Off the cuff
By Shelley Fowler
I am glad to once again be writing “Off The Cuff”. I took a hiatus and about fell off my purple chair when I realized it had been seventeen years since I last shared my thoughts and ideas in the Boise City News. A proverbial “my, how time flies” moment.
When I was a little girl of about seven Thanksgiving was very simple. It was comprised mainly of the joy of laying my left hand on a clean white sheet of paper. With black crayon I traced that hand's outline, then colored it in with yellows and reds and oranges until it “handily” resembled a turkey strutting his stuff. Add to that image a pilgrim with buckles on his black shoes and black hat and I was happy. Not forgotten were the Indians who fed our forefathers, so the next picture drawn and colored with crayons was of a long table with lots of ears of corn, a giant turkey and Indians on one side, white men on the other. Oh, but how the years have added to those innocent ideas. Now, Thanksgiving means the splitting of the word - giving thanks. For family and friends, for freedom and faith. And somewhere within me is still the child who happily colored that turkey and blunted the silver crayon filling in those giant buckles.
So, now that you have served the turkey and its trimmings and fed the leftovers to the dog I have an exercise for each of you to perform. Wherever you are at this moment stop and take a deep breath, exhale, then relax your shoulders. Were you surprised when they dropped from somewhere up around your earlobes? I challenge you (and myself) to not get stressed out by this time of year. I know, the Christmas carols are chiming from every port and portal, advertisements are making us feel we need to “shop ‘til we drop”, and the days are propelling us towards the end of December. But the hustle and bustle need not steal our peace if we stop and lower those shoulders every once in awhile.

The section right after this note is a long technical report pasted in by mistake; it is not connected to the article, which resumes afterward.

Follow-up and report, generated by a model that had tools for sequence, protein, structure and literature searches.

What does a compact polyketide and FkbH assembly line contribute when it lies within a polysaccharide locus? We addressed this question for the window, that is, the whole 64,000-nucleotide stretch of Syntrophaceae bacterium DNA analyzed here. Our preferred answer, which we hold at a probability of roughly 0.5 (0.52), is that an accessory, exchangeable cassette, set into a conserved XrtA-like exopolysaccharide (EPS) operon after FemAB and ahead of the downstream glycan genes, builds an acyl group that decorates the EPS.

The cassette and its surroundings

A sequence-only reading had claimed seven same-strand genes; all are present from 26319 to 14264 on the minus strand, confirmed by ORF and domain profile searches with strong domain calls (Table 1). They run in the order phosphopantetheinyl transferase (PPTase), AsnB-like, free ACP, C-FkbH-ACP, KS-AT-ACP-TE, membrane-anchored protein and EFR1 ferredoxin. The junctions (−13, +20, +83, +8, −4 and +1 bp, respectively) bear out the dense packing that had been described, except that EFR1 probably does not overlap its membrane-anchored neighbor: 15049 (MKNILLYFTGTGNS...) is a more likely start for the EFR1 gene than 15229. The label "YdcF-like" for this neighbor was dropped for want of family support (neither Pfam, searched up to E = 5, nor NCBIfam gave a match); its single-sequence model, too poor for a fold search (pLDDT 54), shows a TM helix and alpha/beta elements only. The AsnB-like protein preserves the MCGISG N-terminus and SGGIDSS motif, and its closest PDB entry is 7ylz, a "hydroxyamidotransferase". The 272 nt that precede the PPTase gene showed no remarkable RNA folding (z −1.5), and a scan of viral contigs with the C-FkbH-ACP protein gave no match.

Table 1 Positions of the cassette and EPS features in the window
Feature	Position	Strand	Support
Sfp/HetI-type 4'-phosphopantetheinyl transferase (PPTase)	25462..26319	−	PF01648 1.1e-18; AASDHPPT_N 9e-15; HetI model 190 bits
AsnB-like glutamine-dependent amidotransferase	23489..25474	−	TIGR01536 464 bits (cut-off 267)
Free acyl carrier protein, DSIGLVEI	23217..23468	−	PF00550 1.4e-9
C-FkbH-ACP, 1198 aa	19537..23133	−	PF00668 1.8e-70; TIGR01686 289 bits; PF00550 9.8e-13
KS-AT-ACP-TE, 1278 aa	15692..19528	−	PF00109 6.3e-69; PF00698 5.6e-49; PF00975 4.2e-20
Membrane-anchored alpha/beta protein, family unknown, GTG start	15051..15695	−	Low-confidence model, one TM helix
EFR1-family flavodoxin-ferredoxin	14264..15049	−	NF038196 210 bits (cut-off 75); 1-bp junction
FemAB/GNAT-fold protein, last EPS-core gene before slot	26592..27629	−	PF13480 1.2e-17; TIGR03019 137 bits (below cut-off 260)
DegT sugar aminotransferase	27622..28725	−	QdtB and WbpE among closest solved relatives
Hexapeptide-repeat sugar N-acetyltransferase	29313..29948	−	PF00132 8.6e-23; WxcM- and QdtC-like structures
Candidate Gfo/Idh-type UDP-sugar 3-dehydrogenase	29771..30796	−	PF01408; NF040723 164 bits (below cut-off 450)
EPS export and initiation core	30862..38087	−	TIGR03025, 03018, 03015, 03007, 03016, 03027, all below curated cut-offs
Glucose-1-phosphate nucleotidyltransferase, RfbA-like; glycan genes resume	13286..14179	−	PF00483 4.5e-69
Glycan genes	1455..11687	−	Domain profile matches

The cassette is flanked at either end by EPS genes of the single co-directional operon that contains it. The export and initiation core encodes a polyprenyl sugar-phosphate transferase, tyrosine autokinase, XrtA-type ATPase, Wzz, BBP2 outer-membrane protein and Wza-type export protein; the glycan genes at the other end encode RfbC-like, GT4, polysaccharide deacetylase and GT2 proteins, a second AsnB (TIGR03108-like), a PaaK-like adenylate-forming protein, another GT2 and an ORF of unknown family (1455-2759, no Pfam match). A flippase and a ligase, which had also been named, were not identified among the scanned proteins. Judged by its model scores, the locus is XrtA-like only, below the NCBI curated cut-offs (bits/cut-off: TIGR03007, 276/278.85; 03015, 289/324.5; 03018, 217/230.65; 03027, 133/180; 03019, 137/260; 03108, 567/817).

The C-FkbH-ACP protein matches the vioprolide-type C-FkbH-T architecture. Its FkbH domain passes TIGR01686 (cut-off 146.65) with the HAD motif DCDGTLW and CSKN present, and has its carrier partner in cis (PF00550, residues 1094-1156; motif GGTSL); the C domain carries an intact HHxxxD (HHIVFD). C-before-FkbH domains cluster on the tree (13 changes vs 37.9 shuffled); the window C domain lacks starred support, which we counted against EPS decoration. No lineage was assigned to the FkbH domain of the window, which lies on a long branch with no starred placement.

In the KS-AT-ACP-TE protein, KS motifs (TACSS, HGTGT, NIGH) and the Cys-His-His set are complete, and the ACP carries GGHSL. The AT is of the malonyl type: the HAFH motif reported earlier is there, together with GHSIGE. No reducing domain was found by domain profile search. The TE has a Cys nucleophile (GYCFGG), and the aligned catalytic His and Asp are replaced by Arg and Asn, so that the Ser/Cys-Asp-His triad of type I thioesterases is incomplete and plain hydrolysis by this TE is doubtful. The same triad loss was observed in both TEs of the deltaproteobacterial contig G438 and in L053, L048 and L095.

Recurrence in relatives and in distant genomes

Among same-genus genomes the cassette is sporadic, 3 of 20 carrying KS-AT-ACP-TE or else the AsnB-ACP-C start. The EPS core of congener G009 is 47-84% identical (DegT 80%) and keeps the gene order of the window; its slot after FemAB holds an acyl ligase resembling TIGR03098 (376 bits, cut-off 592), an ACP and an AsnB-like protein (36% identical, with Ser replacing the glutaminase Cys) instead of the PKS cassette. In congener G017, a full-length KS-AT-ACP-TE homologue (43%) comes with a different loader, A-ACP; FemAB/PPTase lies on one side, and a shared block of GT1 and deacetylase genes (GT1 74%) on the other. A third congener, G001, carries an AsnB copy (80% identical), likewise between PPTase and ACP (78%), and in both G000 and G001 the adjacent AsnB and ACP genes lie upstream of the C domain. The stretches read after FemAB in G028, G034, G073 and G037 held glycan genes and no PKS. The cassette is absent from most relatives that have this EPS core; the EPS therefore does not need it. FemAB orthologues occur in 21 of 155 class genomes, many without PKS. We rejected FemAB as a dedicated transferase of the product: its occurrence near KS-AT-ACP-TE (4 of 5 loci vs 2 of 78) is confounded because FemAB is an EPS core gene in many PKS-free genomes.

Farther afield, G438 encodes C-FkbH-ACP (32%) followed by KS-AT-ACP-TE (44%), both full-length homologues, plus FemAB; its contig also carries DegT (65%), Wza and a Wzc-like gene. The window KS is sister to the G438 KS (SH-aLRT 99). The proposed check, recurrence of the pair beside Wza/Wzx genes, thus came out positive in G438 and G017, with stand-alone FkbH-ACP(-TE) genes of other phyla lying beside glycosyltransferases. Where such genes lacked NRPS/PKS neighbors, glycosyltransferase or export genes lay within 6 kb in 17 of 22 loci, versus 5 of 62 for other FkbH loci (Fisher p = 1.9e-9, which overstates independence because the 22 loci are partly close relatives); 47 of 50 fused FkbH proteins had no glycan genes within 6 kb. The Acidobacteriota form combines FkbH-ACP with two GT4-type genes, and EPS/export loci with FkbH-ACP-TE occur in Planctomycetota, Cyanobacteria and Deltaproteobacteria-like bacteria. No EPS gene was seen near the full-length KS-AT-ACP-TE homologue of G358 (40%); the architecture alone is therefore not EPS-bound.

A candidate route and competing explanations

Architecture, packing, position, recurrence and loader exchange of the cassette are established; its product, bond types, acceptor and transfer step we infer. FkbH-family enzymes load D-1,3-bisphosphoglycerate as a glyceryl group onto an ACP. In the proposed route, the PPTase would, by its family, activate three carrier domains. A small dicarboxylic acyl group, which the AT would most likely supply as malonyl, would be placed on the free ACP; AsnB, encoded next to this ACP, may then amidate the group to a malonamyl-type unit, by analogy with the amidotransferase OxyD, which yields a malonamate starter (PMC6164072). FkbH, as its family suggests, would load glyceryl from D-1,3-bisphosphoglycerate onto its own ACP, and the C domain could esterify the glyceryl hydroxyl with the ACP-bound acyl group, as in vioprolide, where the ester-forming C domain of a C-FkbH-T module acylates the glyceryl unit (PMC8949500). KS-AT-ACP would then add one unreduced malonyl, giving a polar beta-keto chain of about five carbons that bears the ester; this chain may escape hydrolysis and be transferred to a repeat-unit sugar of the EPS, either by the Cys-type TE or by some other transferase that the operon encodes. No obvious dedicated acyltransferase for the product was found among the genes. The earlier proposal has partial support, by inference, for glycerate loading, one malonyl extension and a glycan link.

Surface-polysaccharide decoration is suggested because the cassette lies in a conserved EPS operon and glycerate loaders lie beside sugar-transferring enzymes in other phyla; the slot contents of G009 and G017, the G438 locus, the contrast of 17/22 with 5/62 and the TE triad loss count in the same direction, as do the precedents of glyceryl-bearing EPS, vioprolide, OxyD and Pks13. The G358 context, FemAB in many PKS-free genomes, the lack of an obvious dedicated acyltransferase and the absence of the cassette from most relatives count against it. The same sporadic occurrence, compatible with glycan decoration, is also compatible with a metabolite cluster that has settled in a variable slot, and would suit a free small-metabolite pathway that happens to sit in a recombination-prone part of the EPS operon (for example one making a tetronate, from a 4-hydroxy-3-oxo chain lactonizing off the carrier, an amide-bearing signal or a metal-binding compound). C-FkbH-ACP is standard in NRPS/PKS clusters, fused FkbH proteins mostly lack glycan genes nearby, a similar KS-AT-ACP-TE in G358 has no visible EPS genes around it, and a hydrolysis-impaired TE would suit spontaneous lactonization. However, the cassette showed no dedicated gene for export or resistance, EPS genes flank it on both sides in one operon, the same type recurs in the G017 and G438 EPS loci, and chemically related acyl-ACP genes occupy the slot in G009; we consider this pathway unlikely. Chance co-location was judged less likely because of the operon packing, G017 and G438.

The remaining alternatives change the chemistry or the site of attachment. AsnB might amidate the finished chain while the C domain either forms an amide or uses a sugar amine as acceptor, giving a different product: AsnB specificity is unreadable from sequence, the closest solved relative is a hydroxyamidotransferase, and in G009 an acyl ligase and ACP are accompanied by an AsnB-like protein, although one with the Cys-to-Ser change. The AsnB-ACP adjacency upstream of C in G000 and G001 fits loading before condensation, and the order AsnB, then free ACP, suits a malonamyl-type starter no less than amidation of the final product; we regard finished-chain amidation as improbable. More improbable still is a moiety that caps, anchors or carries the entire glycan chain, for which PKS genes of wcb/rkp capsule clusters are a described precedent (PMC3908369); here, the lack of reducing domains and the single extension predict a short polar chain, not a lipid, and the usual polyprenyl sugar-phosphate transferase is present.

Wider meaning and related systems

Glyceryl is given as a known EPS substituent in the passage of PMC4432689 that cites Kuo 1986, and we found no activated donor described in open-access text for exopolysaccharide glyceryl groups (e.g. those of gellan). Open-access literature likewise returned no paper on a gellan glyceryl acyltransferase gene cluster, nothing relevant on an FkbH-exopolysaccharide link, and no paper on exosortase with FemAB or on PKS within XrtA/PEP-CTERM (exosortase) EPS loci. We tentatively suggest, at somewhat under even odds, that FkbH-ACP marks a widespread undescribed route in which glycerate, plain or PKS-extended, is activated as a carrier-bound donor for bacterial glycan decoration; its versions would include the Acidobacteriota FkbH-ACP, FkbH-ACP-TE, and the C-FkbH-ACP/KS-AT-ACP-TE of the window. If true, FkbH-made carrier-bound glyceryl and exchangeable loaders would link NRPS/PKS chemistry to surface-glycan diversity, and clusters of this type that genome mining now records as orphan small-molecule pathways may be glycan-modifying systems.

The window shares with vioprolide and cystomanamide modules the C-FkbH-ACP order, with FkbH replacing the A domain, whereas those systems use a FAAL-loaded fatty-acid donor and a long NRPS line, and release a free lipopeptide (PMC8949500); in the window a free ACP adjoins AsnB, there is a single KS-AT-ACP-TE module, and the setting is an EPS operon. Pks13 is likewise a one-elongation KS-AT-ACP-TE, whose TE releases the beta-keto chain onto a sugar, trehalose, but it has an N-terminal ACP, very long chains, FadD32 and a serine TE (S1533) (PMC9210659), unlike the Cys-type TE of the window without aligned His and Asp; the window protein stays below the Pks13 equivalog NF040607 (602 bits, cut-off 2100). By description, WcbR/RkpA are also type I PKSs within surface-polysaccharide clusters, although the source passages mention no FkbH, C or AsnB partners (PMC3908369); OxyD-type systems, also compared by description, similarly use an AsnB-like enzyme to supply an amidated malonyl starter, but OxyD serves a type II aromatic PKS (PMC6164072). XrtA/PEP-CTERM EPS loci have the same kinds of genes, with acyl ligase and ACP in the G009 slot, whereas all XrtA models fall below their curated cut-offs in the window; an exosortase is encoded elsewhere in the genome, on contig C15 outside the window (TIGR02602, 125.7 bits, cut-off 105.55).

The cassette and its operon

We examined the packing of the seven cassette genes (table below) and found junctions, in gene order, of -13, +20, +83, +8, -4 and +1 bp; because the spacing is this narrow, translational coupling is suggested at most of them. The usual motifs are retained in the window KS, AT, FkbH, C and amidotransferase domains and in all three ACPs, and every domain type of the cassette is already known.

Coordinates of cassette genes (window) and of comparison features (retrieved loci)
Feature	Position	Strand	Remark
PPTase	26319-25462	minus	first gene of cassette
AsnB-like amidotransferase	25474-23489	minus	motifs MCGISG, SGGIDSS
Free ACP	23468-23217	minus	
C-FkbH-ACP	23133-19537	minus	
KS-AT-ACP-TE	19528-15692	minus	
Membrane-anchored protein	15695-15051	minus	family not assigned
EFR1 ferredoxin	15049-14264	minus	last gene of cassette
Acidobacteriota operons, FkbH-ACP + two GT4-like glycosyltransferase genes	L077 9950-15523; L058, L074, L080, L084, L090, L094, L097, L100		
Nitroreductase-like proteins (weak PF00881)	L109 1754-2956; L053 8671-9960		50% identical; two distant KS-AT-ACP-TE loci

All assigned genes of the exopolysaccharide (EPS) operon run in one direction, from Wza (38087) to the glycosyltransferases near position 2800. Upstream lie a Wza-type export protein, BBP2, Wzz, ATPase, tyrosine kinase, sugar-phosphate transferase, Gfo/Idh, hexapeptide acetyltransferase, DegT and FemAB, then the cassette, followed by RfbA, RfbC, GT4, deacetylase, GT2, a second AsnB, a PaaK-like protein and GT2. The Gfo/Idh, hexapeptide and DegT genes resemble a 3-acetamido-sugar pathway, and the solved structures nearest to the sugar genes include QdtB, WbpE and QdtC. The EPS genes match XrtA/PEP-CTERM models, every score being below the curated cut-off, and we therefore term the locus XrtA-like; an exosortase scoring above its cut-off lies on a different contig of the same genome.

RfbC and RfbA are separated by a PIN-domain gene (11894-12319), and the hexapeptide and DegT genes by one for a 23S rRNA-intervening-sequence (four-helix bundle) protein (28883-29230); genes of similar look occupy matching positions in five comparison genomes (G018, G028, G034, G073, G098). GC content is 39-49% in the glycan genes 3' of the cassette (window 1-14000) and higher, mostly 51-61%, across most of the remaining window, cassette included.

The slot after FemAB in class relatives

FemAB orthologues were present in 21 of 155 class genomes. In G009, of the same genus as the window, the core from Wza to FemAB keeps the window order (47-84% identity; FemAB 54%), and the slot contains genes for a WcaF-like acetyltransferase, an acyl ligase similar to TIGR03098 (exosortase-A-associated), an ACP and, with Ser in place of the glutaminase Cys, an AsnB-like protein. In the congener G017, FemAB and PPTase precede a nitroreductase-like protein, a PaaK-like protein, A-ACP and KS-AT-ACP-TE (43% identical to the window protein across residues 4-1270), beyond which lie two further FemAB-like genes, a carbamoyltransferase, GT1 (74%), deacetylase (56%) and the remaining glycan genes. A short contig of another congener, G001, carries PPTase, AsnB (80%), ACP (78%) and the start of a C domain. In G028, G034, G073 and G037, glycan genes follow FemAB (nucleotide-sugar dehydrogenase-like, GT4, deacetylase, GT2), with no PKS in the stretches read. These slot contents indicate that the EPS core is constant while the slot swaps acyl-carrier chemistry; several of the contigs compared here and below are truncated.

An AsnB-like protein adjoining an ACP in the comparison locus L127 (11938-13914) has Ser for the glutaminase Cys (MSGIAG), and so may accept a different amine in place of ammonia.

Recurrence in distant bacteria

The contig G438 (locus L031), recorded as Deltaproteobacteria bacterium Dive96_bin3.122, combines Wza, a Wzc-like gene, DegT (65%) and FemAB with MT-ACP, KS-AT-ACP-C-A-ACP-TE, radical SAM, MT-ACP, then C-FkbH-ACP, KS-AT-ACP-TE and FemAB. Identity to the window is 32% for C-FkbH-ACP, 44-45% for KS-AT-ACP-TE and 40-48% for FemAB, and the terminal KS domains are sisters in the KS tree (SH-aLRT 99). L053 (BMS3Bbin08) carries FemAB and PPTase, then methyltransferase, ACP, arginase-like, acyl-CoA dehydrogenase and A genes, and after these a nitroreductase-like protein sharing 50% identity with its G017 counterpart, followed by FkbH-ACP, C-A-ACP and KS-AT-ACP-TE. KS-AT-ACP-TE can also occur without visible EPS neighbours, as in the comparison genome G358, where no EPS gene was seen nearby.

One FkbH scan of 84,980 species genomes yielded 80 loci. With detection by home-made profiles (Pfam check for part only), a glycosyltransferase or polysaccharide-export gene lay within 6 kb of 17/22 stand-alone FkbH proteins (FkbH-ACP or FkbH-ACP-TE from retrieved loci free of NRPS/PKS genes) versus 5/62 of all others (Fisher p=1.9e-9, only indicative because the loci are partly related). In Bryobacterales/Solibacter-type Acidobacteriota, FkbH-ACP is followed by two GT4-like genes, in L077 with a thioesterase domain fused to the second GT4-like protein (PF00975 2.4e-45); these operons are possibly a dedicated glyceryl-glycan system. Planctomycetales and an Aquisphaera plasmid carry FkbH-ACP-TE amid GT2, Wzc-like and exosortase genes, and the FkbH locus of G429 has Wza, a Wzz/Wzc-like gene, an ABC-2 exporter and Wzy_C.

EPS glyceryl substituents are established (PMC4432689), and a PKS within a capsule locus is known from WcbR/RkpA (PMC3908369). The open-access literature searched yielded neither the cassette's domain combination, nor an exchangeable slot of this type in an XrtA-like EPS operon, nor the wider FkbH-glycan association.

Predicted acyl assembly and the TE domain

A well-known preacher, Adrian Rogers, died recently. Without realizing it would be one of his last sermons, he talked of heaven and eternity and the inevitability and joy of arriving there. I am reminded of his words when I hear of the death of friends in our community. We are all on the same road towards what we call death but what many of us view as rebirth and reunion. We must keep walking in faith of the unknown and unseen, and find reassurance for a heart that is broken by loss, but touched by the hand of God, that some day we will understand “why” and be blessed with the reunion of loved ones who have traveled the road before us. May God bless the heart and soul of each of you who is hurting right now.
Boise City News